That's the kind of goodbye that the court gave plaintiffs in Tolliver v. Bristol-Myers Squibb Co., No. 1:12-cv-00745 (N.D. Oh. July 30, 2012) (slip op.), ushering their case right out the courtroom doors. The plaintiffs brought negligence, negligence per se, breach of warranty, strict liability and defect claims, all related to injuries allegedly suffered because of the use of Plavix. Slip op. at 2. But in Ohio, like in many other states, such product liability claims can’t be brought under the common law. They must be brought under the state Product Liability Act (here, the OPLA). So “Goodbye,” said the court, to plaintiffs’ negligence, negligence per se, and breach of warranty claims. Slip op. at 4-5.
Under the OPLA, only four types of claims are allowed: manufacturing defect, design defect, failure to warn, and non-compliance with manufacturer’s representation. But to properly state any of those claims, plaintiffs must clarify which provision of the OPLA they are invoking. Plaintiffs didn’t. In fact, their complaint didn’t even mention the OPLA. Slip op. at 5. That could have been more than a “Goodbye.” It could have been “Gone, Goodbye.”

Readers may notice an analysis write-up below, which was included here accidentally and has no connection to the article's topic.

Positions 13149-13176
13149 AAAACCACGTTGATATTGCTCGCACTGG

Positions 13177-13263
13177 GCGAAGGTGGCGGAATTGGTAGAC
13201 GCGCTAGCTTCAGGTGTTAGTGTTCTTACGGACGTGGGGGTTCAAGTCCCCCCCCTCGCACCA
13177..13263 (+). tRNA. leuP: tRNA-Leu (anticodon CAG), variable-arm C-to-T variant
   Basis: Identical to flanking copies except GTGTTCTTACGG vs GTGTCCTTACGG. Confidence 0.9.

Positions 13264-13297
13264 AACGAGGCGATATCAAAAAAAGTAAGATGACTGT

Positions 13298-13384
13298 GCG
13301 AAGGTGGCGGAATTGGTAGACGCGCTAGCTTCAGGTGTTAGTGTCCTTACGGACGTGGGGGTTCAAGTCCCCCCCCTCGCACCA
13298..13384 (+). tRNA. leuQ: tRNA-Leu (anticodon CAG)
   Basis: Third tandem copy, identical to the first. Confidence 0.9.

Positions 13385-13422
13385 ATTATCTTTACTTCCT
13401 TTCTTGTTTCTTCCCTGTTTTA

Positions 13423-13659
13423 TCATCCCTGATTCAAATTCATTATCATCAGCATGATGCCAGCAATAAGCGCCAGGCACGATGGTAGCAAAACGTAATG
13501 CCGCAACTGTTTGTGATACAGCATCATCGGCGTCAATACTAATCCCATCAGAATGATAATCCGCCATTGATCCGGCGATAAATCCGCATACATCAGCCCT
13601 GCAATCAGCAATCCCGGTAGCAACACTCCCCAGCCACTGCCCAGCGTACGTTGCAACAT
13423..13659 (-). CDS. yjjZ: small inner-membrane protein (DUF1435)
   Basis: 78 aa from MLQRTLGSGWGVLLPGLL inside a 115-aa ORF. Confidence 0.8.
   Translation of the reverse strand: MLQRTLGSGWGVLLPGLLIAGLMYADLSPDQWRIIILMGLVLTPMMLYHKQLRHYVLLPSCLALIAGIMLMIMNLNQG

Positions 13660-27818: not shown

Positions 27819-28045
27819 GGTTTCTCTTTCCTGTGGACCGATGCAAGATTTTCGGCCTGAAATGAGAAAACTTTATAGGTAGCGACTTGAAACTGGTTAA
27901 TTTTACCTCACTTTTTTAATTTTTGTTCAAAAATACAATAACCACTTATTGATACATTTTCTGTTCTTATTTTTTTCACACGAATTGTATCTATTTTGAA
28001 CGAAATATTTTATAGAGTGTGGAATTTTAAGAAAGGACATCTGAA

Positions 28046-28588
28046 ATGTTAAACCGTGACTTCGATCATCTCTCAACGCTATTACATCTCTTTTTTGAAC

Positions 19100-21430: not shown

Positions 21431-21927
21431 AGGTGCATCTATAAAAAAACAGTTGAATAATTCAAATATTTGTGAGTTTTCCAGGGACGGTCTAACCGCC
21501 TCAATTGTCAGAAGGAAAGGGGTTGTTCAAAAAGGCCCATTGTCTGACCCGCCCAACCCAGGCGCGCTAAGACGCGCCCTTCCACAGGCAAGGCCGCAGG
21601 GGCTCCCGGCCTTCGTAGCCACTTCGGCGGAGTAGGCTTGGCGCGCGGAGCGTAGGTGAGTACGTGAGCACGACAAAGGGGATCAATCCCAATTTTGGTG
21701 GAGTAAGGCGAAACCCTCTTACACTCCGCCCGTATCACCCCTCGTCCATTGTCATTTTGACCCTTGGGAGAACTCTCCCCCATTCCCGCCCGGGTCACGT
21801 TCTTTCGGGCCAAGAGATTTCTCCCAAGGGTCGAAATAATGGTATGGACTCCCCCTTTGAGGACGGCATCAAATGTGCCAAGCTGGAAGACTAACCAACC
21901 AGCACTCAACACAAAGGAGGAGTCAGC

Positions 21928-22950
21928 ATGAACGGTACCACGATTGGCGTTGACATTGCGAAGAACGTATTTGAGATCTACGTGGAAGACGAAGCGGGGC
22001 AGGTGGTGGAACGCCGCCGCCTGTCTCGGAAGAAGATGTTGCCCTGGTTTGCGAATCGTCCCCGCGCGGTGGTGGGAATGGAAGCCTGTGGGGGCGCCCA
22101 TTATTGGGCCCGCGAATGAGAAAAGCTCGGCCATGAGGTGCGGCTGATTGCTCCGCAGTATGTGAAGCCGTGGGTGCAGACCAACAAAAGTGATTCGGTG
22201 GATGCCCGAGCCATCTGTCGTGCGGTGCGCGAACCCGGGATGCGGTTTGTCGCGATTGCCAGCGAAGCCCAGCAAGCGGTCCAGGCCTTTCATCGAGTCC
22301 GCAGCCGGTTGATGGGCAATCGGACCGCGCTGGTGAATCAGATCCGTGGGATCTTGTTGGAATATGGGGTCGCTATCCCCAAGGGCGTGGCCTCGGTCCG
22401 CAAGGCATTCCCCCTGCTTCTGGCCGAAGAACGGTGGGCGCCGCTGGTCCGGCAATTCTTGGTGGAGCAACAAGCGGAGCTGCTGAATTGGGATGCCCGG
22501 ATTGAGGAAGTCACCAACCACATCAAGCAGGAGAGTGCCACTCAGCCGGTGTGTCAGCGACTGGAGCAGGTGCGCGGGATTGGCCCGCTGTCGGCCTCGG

But the court cut plaintiffs a break and attempted to construct OPLA claims from the facts that they alleged. That’s where TwIqbal came in and put an end to it.
For a manufacturing defect claim, plaintiffs alleged that the defendants failed to manufacturer Plavix in a safe and suitable manner, causing plaintiffs’ injuries. In other words, they alleged no facts, only legal conclusions. “Goodbye.” Slip op. at 5-7. For a design defect claim, plaintiffs alleged that defendants failed to design Plavix safely and that its risks outweighed its benefits. More bare legal conclusions. “Goodbye.” Slip op. at 7-8. For failure to warn, plaintiffs alleged that defendants failed to warn of Plavix’s true risks, and for non-compliance with manufacturer’s representation, they alleged that defendants breached representations, injuring plaintiffs. Not a fact to be found. “Goodbye,” and “Goodbye.” Slip op. at 8-9.
So all the claims are gone, and we come to plaintiffs’ request for leave to amend. Under Sixth Circuit law (and most anywhere), a plaintiff must state with particularity the grounds upon which a request for leave to amend is based. In other words, you just can’t ask for it and expect to get it. We bet you see this one coming already. Here’s plaintiffs’ request: “In the event that the Court finds that the Plaintiffs failed to plead a claim accordingly, Plaintiffs respectfully request leave to amend their Complaint.” Slip op. at 9.